around here (Missouri/Kansas/Oklahoma/Texas) and I don't do HVAC for a
    living. I assume a 2013 oil furnace would be at least a little more
    efficient than a 1964 oil furnace, but I don't know how that compares to
    gas furnaces.

    If you switch to oil, you do have the one-time cost of an oil tank and
    some plumbing. If you stick with gas, there's a 95+% chance that the
    existing gas plumbing can be reused.

    As you are probably aware :) , you have to mix fuel with air to burn it.
    Gas is, uh, not a solid or a liquid, and the gas company puts some
    pressure behind it for you, so basically you just let it escape through
    a known-sized hole and it mixes with air by itself. Oil has to get
    persuaded to mix with air by pumps and nozzles, which you get to buy and
    maintain as part of the furnace.

    Personally, I also like the idea that the gas is always there; just open
    up the valve and get warm. I don't have to remember to get the tank
    filled, or hope the oil truck can make it through the snow, etc.

    On the other hand, if you work for an oil company, maybe you get a
    company discount. :)
    You can get a spreadsheet to help for free, but you also apparently need
    a copy of the not-free book to go with it. Or maybe go to the library.
    https://www.acca.org/industry/system-design/speedsheets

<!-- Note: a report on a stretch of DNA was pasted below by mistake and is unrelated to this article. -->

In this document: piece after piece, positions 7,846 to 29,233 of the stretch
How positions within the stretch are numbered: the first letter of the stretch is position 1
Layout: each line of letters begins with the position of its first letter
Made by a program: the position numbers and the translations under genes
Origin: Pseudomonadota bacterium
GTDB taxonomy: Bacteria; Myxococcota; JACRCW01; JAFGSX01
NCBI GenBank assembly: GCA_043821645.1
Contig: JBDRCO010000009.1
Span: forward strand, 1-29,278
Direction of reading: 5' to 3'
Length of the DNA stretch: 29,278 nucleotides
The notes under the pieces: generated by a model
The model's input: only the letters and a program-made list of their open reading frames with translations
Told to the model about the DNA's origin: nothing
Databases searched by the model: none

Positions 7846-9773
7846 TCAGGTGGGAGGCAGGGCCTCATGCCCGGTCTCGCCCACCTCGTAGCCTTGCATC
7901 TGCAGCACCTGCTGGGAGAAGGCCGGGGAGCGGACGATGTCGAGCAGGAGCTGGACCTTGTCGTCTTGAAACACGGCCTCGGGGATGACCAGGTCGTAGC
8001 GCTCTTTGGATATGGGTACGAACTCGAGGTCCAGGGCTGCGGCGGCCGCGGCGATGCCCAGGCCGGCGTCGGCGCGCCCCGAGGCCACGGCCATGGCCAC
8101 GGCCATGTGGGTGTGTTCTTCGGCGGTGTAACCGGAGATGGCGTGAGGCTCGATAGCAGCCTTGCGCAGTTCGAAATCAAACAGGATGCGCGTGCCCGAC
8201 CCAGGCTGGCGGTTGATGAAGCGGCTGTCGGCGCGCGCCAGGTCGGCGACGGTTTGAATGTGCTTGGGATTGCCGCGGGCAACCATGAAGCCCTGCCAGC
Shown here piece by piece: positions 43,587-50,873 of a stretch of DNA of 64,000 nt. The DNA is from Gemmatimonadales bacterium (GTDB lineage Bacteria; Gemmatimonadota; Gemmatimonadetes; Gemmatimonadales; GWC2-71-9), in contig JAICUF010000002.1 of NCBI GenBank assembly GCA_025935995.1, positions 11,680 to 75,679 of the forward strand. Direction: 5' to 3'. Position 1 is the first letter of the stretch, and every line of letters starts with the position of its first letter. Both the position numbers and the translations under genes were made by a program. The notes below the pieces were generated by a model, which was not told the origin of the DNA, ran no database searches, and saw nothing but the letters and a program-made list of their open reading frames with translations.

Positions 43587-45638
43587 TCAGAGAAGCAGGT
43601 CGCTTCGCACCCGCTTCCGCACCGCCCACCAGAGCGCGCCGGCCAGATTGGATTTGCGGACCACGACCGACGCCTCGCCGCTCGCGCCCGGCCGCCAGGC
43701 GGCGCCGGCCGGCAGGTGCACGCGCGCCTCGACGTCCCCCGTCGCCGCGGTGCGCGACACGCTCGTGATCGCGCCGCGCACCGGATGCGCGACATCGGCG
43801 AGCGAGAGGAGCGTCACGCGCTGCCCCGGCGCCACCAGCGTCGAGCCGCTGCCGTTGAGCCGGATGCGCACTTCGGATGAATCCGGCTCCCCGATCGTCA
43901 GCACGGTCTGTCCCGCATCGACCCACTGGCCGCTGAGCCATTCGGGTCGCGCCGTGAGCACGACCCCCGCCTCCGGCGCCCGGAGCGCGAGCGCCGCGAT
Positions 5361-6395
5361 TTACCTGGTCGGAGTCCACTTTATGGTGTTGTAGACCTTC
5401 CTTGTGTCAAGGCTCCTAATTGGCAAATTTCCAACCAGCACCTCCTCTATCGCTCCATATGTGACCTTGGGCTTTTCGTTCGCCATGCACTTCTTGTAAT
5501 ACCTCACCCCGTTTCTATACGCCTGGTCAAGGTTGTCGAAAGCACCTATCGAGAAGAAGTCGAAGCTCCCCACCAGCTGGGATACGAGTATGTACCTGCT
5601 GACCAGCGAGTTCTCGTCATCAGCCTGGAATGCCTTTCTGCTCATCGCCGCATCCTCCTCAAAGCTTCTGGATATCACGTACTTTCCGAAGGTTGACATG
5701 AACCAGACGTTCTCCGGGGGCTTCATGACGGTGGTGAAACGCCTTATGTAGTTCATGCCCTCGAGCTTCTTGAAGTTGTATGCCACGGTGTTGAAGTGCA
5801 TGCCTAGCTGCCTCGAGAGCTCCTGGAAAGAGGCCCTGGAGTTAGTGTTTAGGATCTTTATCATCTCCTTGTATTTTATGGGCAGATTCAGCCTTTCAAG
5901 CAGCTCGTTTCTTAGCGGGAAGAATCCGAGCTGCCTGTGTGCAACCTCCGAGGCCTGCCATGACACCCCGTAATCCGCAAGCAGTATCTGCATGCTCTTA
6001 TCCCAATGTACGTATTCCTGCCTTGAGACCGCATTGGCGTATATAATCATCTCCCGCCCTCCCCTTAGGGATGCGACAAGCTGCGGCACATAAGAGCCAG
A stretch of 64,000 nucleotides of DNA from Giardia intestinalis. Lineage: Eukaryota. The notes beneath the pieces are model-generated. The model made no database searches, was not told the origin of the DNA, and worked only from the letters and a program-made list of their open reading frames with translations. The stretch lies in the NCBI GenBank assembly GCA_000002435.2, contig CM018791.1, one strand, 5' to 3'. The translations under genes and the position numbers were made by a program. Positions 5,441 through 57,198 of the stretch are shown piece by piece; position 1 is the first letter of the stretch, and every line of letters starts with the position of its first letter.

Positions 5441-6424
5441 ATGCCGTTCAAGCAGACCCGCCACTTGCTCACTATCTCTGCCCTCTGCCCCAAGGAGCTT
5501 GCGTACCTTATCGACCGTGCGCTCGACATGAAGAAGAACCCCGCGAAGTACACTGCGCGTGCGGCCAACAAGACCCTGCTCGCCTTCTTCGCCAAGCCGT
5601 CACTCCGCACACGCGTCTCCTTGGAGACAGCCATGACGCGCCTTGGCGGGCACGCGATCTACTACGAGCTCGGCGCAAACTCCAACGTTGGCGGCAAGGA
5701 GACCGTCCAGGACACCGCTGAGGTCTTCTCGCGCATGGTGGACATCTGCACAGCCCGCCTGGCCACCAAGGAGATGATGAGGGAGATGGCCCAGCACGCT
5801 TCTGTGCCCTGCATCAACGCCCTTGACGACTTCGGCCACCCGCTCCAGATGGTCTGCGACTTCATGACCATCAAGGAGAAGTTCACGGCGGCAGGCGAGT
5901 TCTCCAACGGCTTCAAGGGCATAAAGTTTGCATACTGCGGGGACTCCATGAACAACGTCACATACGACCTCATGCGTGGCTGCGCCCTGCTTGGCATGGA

Maybe, but it may just be an unrelated HVAC service/install shop run by
    someone with the same name.

    I Googled "brundage fans" and found
    http://www.airmasterfan.com/History.htm , which seems more likely.
    Why not? The engineers at York obviously had a target CFM in mind when
    they chose the blower, but they also expected that people would either
    buy replacements from York (using the York part number) or from their
    local HVAC shop (using generic parts), so there wasn't a need to print
    the CFM on the blower itself.

    I looked at the installation and service manual for my 2009 Trane forced
    air gas furnace, and it doesn't have just a single number for the blower
    CFM; it depends on the static pressure of the ducting. (It also has a
    variable-speed blower, so it depends on which speed it selects.)
    If his apartment has its own furnace, and it's the same as yours, and
    something craps out in the middle of January, make one good one out of
    the parts of both of them and sleep in one apartment for a few days.
    The HVAC salesman's eyes light up when somebody walks in with icicles
    in their hair. :)

    Matt Roberds